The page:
* Volatility gauge near record low as risk seen limited
* Oil hits highest since mid 2015
* Fed minutes show uncertainty over tax cut plan impact
* Graphic: World FX rates in 2018 tmsnrt.rs/2egbfVh
By Marc Jones
LONDON, Jan 4 (Reuters) - Market bulls resumed their charge on Thursday as strong data from the world’s biggest economies sent stock index records tumbling and oil prices to their highest since mid-2015.
In an apparent acceleration of last year’s global equity boom, MSCI's world stocks index and London's FTSE both set records as Europe opened.
Tokyo's Nikkei - Asia's biggest market - earlier shot to its highest since 1991 with a 3.3 percent surge. Asia-Pacific excluding Japan also scaled a decade-high peak as a fifth day of gains in China helped emerging market stocks to a 6-1/2 year high as well.
"It is a continuation of the goldilocks story," said State Street Global Markets' head of macro strategy Michael Metcalfe.
"The main theme last year was strong growth and accommodative (monetary) policy and the data we have had so far suggest that the growth is expected to accelerate, and without inflation."
The data published on Thursday reinforced expectations that solid world growth will boost demand for goods, including oil, and lift corporate earnings.
China's services sector activity hit its highest level in more than three years, manufacturing data from Japan came in strong and euro zone surveys showed the bloc enjoying its strongest run in nearly seven years.
IHS Markit's Final Composite Purchasing Managers' Index - seen as a good overall growth indicator for the 19-country region - rose to 58.1 in December from 57.5 in November and up slightly from a flash estimate of 58.0.
"A stellar end to 2017 for the euro zone rounded off the best year for over a decade, continuing to confound widely held fears that rising political uncertainty would curb economic growth," Chris Williamson, chief business economist at IHS Markit, said.
Another factor behind the upbeat mood was that minutes of the Federal Reserve's mid-December meeting released on Wednesday did little to change that view that it will stick to measured increases in U.S. interest rates.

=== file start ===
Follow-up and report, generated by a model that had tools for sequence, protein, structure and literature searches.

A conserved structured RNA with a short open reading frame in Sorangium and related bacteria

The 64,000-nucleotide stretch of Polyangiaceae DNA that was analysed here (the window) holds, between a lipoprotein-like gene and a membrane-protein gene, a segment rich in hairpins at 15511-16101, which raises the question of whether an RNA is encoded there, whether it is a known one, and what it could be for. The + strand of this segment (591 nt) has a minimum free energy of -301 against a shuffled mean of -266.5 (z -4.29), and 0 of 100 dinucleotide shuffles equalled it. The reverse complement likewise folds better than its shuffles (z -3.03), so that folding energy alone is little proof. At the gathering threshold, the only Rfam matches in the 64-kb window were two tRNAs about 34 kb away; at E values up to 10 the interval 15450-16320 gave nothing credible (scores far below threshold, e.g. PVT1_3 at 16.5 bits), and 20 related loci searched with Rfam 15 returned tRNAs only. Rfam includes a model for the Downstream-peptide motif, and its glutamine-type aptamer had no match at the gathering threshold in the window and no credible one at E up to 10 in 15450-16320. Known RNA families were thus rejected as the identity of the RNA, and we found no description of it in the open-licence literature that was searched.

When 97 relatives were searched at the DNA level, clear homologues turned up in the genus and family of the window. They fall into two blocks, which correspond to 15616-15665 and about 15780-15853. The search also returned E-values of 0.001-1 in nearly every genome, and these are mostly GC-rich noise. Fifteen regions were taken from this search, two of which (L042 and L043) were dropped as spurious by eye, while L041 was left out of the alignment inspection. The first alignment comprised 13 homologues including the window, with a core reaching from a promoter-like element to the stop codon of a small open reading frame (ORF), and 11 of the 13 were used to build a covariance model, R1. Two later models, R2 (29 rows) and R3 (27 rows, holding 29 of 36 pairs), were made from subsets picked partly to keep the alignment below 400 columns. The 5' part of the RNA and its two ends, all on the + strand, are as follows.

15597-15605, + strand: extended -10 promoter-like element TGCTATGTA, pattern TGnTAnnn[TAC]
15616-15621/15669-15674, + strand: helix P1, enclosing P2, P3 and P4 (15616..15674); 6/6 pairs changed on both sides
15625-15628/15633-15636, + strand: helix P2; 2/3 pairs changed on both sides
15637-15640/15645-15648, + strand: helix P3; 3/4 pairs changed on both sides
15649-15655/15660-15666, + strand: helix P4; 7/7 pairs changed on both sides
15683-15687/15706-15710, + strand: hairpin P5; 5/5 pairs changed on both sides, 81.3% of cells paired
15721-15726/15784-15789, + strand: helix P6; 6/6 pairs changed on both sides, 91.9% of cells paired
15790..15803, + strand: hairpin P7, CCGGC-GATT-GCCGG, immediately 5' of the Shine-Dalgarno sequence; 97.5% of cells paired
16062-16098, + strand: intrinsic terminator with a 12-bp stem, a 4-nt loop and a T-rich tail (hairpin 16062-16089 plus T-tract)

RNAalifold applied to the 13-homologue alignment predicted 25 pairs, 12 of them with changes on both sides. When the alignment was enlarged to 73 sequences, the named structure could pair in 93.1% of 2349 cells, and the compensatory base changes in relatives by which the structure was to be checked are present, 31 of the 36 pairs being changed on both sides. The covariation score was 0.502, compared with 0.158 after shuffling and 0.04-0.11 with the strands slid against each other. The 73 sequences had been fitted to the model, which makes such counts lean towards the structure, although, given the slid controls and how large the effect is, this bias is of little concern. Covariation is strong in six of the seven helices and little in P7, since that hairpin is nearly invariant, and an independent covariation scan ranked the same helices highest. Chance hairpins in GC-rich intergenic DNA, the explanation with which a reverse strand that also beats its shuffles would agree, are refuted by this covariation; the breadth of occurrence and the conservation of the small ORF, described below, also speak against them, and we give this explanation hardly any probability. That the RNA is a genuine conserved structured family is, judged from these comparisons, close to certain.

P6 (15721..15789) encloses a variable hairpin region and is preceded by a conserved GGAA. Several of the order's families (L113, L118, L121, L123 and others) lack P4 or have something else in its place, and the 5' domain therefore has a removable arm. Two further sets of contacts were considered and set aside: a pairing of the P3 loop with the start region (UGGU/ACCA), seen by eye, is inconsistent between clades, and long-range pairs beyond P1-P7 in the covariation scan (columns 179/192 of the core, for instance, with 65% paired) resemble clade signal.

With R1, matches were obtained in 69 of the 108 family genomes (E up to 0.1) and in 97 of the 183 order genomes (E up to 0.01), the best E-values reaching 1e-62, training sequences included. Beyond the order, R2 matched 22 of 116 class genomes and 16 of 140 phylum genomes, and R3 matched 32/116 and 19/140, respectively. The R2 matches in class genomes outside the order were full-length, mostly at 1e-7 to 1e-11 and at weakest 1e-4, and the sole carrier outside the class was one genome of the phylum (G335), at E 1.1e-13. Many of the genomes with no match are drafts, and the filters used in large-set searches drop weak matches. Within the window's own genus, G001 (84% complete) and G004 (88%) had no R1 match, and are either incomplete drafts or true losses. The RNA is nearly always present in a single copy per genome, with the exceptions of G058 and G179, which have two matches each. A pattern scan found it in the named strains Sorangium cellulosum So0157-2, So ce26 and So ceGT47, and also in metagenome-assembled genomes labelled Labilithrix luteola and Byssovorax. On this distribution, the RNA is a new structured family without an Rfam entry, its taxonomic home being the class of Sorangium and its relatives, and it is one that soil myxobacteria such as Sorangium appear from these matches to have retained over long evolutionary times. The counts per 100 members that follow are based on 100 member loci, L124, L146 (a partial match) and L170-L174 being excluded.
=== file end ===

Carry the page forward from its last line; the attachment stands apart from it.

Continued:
They showed policymakers expect U.S. President Donald Trump's tax cut plans to boost consumer spending but are still uncertain about the impact the stimulus would have on inflation.
Fed funds rate futures moved to price a 75 percent chance of a rate hike by March, compared with around 60 percent at the end of last year. But markets are still not fully pricing in the three rate increases many Fed officials expect this year.
The dollar climbed off a three-month low after the minutes but was backsliding again in Europe on Thursday as the euro zone and Asia data handed the initiative back to the euro and yen.
It left the greenback flat at 112.61 yen and the euro up 0.15 percent at $1.2033. If the single currency gets above September's peak of $1.2092 it would return to ground last trod in early 2015.
"We see some very positive euro sentiment in the market right now," said Commerzbank currency strategist Esther Reichelt in Frankfurt.
Euro zone bond yields were also creeping higher, buoyed by the data, as investors readied for new debt sales from France and Spain in what is traditionally one of the busiest issuance months of the year.
Yields on French and Spanish 10-year bonds were around 1 basis point higher. In Germany, the bloc's benchmark bond issuer, 10-year bond yields were up 1.5 bps at 0.46 percent and holding within reach of recent two-month highs.
The bigger focus though was on the ongoing rise in commodity prices, which often have a big influence on global inflation.
Oil prices were touching levels not seen since before commodity markets slumped in 2014/15, having been boosted by tensions in key producer Iran and ongoing OPEC-led output cuts.
U.S. West Texas Intermediate (WTI) crude futures rose to as high as $62.17 per barrel, up 0.9 percent for the day and their highest level since mid-2015. International benchmark Brent also scaled a 2-1/2-year high of $68.19 a barrel.
At the same time, inflation expectations indicated by the gap between 10-year U.S. inflation-linked bonds and conventional ones, was above 2 percent at the highest level since March.
"Oil appears to be traded at a premium compared to economic fundamentals because of concerns over development in Iran," said Motofumi Okoshi, senior economist at Nomura Securities.
At the moment though, forward contracts are trading cheaper than expected spot prices, a condition known as 'backwardation', suggesting investors expect any supply shortages to be temporary.
"If conditions in Iran deteriorate further, I expect forward contracts will begin to be bought as well," Okoshi added.
Political concerns were also supporting safe-haven gold, which fetched $1,310 per ounce, after hitting a 3-1/2-month high of $1,321.5 on Wednesday.
Still, investors expect financial markets to stay stable overall. The Cboe Volatility index, which measures implied price volatility of U.S. stocks in the next one month, closed at 9.15 on Wednesday, just short of its record closing low of 9.14 touched on Nov. 3.
Additional reporting by Jemima Kelly in London and Hideyuki Sano in London; editing by John Stonestreet